Cash prizes (and the eye of an impressive panel of judges) for the best short video about the future of news. Details below. Good luck!
In celebration of the Shorenstein Center's 25th Anniversary we're calling on aspiring journalists, filmmakers and avid media consumers to help us think about the future of news.
To be eligible for the competition, you must create a video no more than two minutes long (PG-rated please) that answers the question, "What is the future of news?"
Winning videos will be chosen by a selection committee appointed by the Shorenstein Center. The judges are Lorie Conway, documentary filmmaker; Rick Kaplan, executive producer, This Week with Christiane Amanpour, ABC News; and Mark Whitaker, executive vice president and managing editor, CNN. The winning entry will receive a cash prize of $2,000. Two runners-up will receive $500 each. The grand prize winner and two runners-up will be invited to the 25th Anniversary Celebration of the Shorenstein Center: "The Media and Politics Frontier."
To Submit a Video:
Send an email to firstname.lastname@example.org. Include a link to your Entry (hosted on YouTube, Vimeo or another site of your choosing), as well as your name, age, mailing address, daytime telephone number and email address.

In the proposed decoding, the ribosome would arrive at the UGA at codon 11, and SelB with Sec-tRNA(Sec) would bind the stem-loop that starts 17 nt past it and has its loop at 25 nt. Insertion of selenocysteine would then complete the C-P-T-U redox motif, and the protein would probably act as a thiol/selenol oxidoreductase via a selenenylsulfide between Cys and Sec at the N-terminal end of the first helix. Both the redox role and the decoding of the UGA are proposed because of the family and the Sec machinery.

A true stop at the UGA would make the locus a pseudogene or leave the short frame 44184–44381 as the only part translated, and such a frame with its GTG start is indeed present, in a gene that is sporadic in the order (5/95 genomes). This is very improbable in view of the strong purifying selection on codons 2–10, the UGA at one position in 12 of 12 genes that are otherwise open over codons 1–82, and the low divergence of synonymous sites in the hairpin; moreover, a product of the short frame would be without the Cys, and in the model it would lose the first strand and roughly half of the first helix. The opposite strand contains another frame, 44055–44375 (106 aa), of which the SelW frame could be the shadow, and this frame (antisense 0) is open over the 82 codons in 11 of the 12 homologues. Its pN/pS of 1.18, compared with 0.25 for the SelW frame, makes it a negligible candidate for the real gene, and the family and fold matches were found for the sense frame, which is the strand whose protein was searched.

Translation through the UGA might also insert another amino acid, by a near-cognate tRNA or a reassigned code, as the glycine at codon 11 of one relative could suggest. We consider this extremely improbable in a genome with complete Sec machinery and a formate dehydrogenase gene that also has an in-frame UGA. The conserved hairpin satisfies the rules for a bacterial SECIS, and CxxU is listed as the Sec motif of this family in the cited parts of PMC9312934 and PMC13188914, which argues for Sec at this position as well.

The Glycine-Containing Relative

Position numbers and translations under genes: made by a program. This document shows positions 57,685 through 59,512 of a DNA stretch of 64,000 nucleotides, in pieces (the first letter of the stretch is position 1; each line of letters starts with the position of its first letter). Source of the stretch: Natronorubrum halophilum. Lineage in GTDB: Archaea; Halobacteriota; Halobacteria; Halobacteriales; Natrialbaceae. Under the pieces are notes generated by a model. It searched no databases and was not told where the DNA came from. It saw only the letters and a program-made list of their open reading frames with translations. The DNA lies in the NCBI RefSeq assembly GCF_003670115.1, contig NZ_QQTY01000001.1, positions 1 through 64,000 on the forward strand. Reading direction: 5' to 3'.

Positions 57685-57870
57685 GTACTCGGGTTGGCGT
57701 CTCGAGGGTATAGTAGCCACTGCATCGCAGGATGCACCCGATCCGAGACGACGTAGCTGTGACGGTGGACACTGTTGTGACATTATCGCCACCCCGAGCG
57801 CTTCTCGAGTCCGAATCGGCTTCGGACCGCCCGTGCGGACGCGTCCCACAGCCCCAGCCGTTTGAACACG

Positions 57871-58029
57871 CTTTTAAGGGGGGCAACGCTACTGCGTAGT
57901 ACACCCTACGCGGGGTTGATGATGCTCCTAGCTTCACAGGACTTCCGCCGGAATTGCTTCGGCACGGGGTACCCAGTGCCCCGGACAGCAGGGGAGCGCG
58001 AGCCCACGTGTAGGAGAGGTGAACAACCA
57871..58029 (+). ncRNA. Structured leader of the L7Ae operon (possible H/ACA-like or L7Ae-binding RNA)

Or, mail a DVD Entry to: Video Contest, C/O Joan Shorenstein Center on the Press, Politics, and Public Policy, John F. Kennedy School of Government, Harvard University, 79 JFK Street, Cambridge, MA 02138. Your DVD should be in .mov .avi or .wmv format. Your submission must include your name, age, mailing address, daytime telephone number and email address.
Entries must be received by 11:59 p.m. EST, September 15, 2011. If you have questions, please email us.
About the Shorenstein Center
The Joan Shorenstein Center on the Press, Politics and Public Policy is a Harvard University research center dedicated to exploring and illuminating the intersection of press, politics and public policy in theory and practice. The Center strives to bridge the gap between journalists and scholars, and between them and the public.